How reverse logistics contributes to the circular economy.
By John Mugnaini
Most organizations today work under the traditional linear economy, where raw materials are made into products and are disposed of after a consumer’s use. The problem with this model is that the materials are finite, and not only are the disposed products hardly ever reused or repurposed, but the disposal process itself has a considerable impact on the environment.
Responding to these concerns, the circular economy approach aims to ensure more sustainable production and consumption patterns through the circular flow of goods, while also reducing the consumption of raw materials. Companies under this model can increase their profitability while reducing costs and their use of natural resources. A McKinsey study of 28 industries revealed that all can benefit from adopting circular economy activities that improve performance while reducing costs.
Understanding the economic and environmental benefits, companies and governments alike are already adopting the circular economy strategy. Those include fashion retailer H&M’s goal to become 100 percent circular and the European Union (UN), whose council recently adopted the Circular Economy Package (CEP).
Making the switch from the linear to the circular operational model, however, is no easy feat. This is where reverse logistics can play a crucial role in companies’ transition. By enabling the return of products for recycling, redistribution or refurbishment, reverse logistics can help companies reap the many benefits of this emerging model including boosting brand reputation and production efficiency while building better customer relations.
Challenging But Promising
One of the greatest challenges faced by companies wanting to enter this realm is that oftentimes reverse logistics is an afterthought in most board rooms and not seen as part of a company’s supply chain imperatives. Many companies focus on pushing goods through the supply chain to meet demand, but often overlook the reverse flow of goods. With cost savings in some situations, it can be an important business decision for a company’s bottom line and can lessen their environmental footprint. The first hurdle is to get decision makers to consider placing the topic on the company’s agenda.
Given it is a highly specialized segment of logistics, it requires the ability to manage and capture products, using mostly customized processes depending upon the product, including the ability to track the goods using data. With track and trace capabilities, forwarders managing their customers’ inventory are able to control their supply chains by monitoring, through technology such as sensors, the flow of the goods and any discrepancies in route to a destination or during the handling or discarding process.
There is no standardization or model that fits all. Reverse logistics, as opposed to a linear model of shipping, can be more labor intensive. Receiving, inspection, sorting and processing can vary depending on the nature of the customer’s business and how many units you are dealing with.
Reverse Can Work
Incorporating reverse logistics can simplify companies’ replacement of defective products and their repackaging processes, with freight forwarders overseeing and directly handling these business-critical procedures. For instance, if an end consumer has a defective product that is being swapped out with a new one, the right partner can deliver the replacement and repackage the defected item in the new product’s box, reducing the customer’s material cost.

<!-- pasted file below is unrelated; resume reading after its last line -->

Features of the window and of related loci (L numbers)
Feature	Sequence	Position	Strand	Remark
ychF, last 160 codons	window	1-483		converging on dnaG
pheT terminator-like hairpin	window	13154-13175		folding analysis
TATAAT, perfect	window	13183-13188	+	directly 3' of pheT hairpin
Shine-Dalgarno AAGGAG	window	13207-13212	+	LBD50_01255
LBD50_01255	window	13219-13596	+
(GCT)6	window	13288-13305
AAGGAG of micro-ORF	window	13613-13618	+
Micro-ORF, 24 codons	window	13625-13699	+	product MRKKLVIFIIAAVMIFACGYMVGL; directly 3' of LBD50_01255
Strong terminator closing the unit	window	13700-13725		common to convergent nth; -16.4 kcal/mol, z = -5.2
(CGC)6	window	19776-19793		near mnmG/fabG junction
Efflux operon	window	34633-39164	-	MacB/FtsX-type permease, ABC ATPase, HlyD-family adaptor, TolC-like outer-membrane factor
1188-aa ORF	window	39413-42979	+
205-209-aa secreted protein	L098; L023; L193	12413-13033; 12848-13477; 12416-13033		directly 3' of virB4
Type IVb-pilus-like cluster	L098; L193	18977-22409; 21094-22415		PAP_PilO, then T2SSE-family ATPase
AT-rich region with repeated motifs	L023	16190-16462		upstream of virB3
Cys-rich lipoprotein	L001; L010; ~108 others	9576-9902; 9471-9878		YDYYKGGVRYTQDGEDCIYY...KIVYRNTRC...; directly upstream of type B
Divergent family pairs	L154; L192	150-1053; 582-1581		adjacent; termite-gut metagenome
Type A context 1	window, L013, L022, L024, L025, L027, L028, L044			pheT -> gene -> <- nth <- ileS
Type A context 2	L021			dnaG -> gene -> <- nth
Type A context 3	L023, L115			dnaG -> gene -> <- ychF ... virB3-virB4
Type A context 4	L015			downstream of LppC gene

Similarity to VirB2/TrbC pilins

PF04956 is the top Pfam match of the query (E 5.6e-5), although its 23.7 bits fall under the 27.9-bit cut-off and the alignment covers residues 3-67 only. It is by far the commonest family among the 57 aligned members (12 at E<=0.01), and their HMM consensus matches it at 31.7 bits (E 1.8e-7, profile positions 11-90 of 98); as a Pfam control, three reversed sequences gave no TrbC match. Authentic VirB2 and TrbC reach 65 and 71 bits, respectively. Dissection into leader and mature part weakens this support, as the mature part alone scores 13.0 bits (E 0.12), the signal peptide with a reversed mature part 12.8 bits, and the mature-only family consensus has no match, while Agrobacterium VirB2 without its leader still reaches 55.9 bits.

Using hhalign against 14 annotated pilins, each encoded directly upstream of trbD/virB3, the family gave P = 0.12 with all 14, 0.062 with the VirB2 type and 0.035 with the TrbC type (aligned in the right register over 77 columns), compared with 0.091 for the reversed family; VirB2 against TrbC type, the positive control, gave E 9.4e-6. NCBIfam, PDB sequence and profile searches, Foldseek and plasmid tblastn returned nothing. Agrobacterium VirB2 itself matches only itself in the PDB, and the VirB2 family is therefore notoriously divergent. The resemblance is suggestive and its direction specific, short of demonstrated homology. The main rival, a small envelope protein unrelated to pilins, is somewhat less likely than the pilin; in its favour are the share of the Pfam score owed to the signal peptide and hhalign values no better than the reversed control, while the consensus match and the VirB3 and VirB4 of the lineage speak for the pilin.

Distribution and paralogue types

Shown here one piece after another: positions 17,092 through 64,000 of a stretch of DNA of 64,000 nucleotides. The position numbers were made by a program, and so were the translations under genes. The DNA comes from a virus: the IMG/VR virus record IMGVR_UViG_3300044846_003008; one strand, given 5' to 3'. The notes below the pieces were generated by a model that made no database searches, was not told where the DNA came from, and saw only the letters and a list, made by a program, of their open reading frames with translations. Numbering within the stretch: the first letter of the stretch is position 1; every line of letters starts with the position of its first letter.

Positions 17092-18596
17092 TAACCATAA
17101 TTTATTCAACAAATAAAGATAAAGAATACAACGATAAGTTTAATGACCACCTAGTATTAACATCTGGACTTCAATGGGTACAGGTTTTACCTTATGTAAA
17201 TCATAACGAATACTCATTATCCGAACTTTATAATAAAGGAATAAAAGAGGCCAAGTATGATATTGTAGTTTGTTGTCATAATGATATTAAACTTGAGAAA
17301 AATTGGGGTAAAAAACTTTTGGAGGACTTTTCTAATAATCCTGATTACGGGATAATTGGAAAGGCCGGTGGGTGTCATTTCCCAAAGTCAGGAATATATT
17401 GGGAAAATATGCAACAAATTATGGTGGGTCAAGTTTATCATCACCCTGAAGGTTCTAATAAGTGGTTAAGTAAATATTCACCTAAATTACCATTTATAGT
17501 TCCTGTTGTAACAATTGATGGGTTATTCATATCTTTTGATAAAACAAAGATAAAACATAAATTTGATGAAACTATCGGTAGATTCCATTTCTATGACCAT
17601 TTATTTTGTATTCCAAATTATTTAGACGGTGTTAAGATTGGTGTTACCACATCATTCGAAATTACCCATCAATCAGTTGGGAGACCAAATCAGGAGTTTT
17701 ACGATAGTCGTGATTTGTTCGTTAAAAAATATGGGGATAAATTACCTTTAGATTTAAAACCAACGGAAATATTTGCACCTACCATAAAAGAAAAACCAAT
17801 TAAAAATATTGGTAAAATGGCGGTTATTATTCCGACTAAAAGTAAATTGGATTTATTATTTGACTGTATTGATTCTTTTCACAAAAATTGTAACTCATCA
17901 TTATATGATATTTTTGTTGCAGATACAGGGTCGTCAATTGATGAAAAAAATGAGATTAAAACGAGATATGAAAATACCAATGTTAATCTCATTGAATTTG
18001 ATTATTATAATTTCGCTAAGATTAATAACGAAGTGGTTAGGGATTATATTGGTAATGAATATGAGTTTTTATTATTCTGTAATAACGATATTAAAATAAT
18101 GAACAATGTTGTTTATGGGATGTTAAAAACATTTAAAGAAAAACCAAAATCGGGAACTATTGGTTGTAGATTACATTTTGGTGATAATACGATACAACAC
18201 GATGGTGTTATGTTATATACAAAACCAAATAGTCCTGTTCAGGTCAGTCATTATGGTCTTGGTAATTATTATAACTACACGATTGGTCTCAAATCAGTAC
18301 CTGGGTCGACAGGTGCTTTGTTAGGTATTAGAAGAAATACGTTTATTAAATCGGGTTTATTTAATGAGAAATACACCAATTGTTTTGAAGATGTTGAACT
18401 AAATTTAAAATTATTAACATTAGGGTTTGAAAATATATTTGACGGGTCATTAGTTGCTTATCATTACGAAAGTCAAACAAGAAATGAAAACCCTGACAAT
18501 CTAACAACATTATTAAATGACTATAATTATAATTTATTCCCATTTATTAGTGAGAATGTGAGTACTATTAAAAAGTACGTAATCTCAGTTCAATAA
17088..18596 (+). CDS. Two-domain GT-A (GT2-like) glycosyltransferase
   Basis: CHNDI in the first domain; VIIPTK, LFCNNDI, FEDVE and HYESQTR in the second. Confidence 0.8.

Integrating reverse logistics into the supply chain also places greater focus on the customer experience and thus enables an overall better experience for the return process. Some industries that are increasingly adopting reverse logistics are technology and medical device sectors for asset recovery, recovery of freight, packaging of goods, returning and recycling materials at specific facilities. Some tech companies use reverse logistics to dispose or refurbish products such as printers or computers. Other tech companies allow consumers to trade in their cellular phones and get credit toward their next purchase. With the growth of e-commerce, retailers are also looking for ways to incorporate product returns into their supply chain instead of a “one-off” transactional approach.
One crucial reason for the increased interest in reverse logistics among retailers are the consumers themselves. Younger generations are becoming more conscious of the materials their products are made of and are more willing to purchase recycled products instead of single-use items.
Choosing the right freight forwarder can go a long way in ensuring a company’s smooth adoption of reverse logistics. Companies aiming to increase or begin using a forwarder for their reverse logistics needs should look for a partner with an extensive transportation coverage map, robust visibility tools and inventory management capabilities. A logistics partner with expanded services such as on-site packaging, installing and de-stalling services and real-time visibility options can also help retailers and manufacturers meet the changing market needs.
In today’s consumer era, satisfying customer needs is a top priority for any business. Organizations across all industries can lessen their impact on the environment and their dependence on natural resources while enhancing returns processes and increasing profitability by embracing a reverse logistics strategy and having the right provider in place.
John Mughaini is head of Domestic Services for DHL Global Forwarding U.S. He has worked for DHL Global Forwarding for 14 years including the roles of regional sales director, vice president of Domestic Sales and vice president of Value Added Service US. He currently serves as vice president of Head of Domestic Services US.